Relatively high doses of psychostimulants induce neurotoxicity on the dopaminergic system and self-injurious behavior (SIB) in rodents. However the underlying neuronal mechanisms of SIB remains unclear. Dopamine receptor antagonists, N-methyl-D-aspartic acid (NMDA) receptor antagonists, Nitric Oxide Synthase (NOS) inhibitors and free radical scavengers significantly attenuate methamphetamine-induced SIB. These findings indicate that activation of dopamine as well as NMDA receptors followed by radical formation and oxidative stress, especially when mediated by NOS activation, is associated with methamphetamine-induced SIB...
2018: Nihon Eiseigaku Zasshi. Japanese Journal of Hygiene
https://www.readbyqxmd.com/read/29378710/evaluation-of-a-system-specific-function-to-describe-the-pharmacokinetics-of-benzylpenicillin-in-term-neonates-undergoing-moderate-hypothermia
#8
Yuma A Bijleveld, Timo R de Haan, Johanna H van der Lee, Floris Groenendaal, Peter H Dijk, Arno van Heijst, Rogier C J de Jonge, Koen P Dijkman, Henrica L M van Straaten, Monique Rijken, Inge A Zonnenberg, Filip Cools, Alexandra Zecic, Debbie H G M Nuytemans, Anton H van Kaam, Ron A A Mathôt
The pharmacokinetic (PK) properties of i.v. benzylpenicillin in term neonates undergoing moderate hypothermia after perinatal asphyxia were evaluated, as to date these are unknown. To do so, a system-specific modeling approach was applied, in which our recently developed covariate model describing developmental and temperature induced changes in amoxicillin clearance (CL) in the same patient study population, was incorporated into a population PK model of benzylpenicillin with a priori birthweight (BW) based allometric scaling...
January 29, 2018: Antimicrobial Agents and Chemotherapy
https://www.readbyqxmd.com/read/29376636/in-situ-synthesis-and-single-crystal-synchrotron-x-ray-diffraction-study-of-ht-sn3sb2-an-example-of-how-complex-modulated-structures-are-becoming-generally-accessible
#9
Sven Lidin, Laura C Folkers
Recent developments in X-ray sources and detectors and the parallel development of software for nonstandard crystallography has made analysis of very complex structural problems accessible to nonexperts. Here, we report the successful solution of the structure of ht-Sn3Sb2, an analysis that presents several challenges but that is still manageable in a relatively straightforward way. This compound exists only in a narrow temperature regime and undergoes an unquenchable phase transformation on cooling to room temperature; it contains two elements with close to identical scattering factors, and the structure is incommensurately modulated with four symmetry dependent modulation wave vectors...
January 27, 2018: Accounts of Chemical Research
https://www.readbyqxmd.com/read/29375880/absolute-lymphocyte-and-neutrophil-counts-in-neonatal-ischemic-brain-injury
#10
Jessica M Povroznik, Elizabeth B Engler-Chiurazzi, Tania Nanavati, Paola Pergami
Objectives: This study aimed to identify differences in absolute neutrophils, lymphocytes, and neutrophil-to-lymphocyte ratio between neonates with two forms of ischemic brain injury, hypoxic-ischemic encephalopathy, and acute ischemic stroke, compared to controls. We also aimed to determine whether this neutrophil/lymphocyte response pattern is associated with disease severity or is a consequence of the effects of total-body cooling, an approved treatment for moderate-to-severe hypoxic-ischemic encephalopathy...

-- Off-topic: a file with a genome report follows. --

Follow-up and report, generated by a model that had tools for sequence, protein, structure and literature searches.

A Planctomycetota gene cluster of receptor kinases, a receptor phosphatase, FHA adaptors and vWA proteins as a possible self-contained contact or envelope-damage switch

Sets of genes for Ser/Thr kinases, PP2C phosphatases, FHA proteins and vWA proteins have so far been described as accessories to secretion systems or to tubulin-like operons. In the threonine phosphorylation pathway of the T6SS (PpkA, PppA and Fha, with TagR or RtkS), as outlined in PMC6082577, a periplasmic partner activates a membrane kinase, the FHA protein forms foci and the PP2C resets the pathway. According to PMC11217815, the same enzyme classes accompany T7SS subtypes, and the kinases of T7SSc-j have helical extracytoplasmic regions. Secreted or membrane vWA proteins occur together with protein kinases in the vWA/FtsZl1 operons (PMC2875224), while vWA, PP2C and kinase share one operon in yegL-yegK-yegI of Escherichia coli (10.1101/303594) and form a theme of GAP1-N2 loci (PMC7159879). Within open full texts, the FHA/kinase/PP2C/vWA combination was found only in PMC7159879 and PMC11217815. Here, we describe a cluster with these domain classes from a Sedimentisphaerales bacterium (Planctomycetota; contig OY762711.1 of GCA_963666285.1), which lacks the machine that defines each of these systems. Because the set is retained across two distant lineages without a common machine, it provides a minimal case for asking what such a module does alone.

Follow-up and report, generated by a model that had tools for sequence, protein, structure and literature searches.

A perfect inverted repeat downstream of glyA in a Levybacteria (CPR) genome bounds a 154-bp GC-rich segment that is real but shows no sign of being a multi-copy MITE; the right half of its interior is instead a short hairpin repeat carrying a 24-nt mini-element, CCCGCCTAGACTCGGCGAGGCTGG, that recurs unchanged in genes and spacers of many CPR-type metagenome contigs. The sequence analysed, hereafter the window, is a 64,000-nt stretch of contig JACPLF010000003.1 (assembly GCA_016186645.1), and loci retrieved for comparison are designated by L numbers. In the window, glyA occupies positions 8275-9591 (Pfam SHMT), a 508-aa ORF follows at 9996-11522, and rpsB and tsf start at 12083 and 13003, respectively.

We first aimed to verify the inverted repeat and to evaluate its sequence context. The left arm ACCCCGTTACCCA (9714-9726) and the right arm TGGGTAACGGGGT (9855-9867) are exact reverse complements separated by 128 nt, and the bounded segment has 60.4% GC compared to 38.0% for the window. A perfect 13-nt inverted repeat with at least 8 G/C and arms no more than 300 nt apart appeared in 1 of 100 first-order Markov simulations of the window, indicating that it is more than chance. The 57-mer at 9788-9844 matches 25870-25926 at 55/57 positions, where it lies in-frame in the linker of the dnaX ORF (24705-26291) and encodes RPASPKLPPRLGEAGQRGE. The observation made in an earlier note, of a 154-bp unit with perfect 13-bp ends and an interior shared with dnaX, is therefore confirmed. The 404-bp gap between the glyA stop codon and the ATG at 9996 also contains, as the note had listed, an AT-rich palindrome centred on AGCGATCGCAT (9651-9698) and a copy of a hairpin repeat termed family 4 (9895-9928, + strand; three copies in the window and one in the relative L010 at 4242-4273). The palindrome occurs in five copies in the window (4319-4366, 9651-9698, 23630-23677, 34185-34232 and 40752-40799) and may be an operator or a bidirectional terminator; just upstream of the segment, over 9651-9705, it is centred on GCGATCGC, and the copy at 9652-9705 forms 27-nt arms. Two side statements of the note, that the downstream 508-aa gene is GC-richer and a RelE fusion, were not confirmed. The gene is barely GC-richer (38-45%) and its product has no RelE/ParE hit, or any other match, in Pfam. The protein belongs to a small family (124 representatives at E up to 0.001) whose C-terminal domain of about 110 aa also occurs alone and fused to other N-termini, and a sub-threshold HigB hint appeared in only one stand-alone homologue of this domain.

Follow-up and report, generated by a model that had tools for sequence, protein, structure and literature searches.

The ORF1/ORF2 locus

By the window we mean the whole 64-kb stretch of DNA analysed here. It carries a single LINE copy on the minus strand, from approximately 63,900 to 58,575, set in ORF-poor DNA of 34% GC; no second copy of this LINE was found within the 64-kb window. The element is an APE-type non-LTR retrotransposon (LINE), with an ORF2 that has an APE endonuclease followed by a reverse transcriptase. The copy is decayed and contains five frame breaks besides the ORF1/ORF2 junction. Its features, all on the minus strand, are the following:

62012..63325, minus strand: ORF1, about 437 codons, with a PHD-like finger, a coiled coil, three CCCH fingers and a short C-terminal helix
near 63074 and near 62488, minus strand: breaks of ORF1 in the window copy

2018: SAGE Open Medicine
https://www.readbyqxmd.com/read/29373219/cutaneous-vascular-responses-of-the-hands-and-feet-to-cooling-rewarming-and-hypoxia-in-humans
#11
Heather C Massey, James R House, Michael J Tipton
INTRODUCTION: This study investigated skin vasomotor responses in the fingers and toes during cooling and rewarming with and without normobaric hypoxia. METHODS: Fourteen volunteers (8 males and 6 females) were exposed to gradual air cooling (mean±SD: -0.4±0.1oC·min-1) followed by rewarming (+0.5±0.1oC·min-1) while breathing normoxic air (FIO2 0.21 at 761±3 mm Hg) or hypoxic gas (FIO2 0.12, at 761±3 mm Hg, equivalent to ~5000 m above sea level). Throughout the gradual cooling and rewarming phases, rectal temperature was measured, and skin temperatures and laser Doppler skin blood flow were measured on the thumb, little finger, and great and little toe pads...
January 16, 2018: Wilderness & Environmental Medicine
https://www.readbyqxmd.com/read/29368184/does-cold-water-or-ice-slurry-ingestion-during-exercise-elicit-a-net-body-cooling-effect-in-the-heat
#12
Ollie Jay, Nathan B Morris
Cold water or ice slurry ingestion during exercise seems to be an effective and practical means to improve endurance exercise performance in the heat. However, transient reductions in sweating appear to decrease the potential for evaporative heat loss from the skin by a magnitude that at least negates the additional internal heat loss as a cold ingested fluid warms up to equilibrate with body temperature; thus explaining equivalent core temperatures during exercise at a fixed heat production irrespective of the ingested fluid temperature...
January 24, 2018: Sports Medicine
https://www.readbyqxmd.com/read/29357373/internal-and-external-cooling-methods-and-their-effect-on-body-temperature-thermal-perception-and-dexterity
#13
Matthew J Maley, Geoffrey M Minett, Aaron J E Bach, Stephanie A Zietek, Kelly L Stewart, Ian B Stewart
OBJECTIVE: The present study aimed to compare a range of cooling methods possibly utilised by occupational workers, focusing on their effect on body temperature, perception and manual dexterity. METHODS: Ten male participants completed eight trials involving 30 min of seated rest followed by 30 min of cooling or control of no cooling (CON) (34°C, 58% relative humidity). The cooling methods utilised were: ice cooling vest (CV0), phase change cooling vest melting at 14°C (CV14), evaporative cooling vest (CVEV), arm immersion in 10°C water (AI), portable water-perfused suit (WPS), heliox inhalation (HE) and ice slushy ingestion (SL)...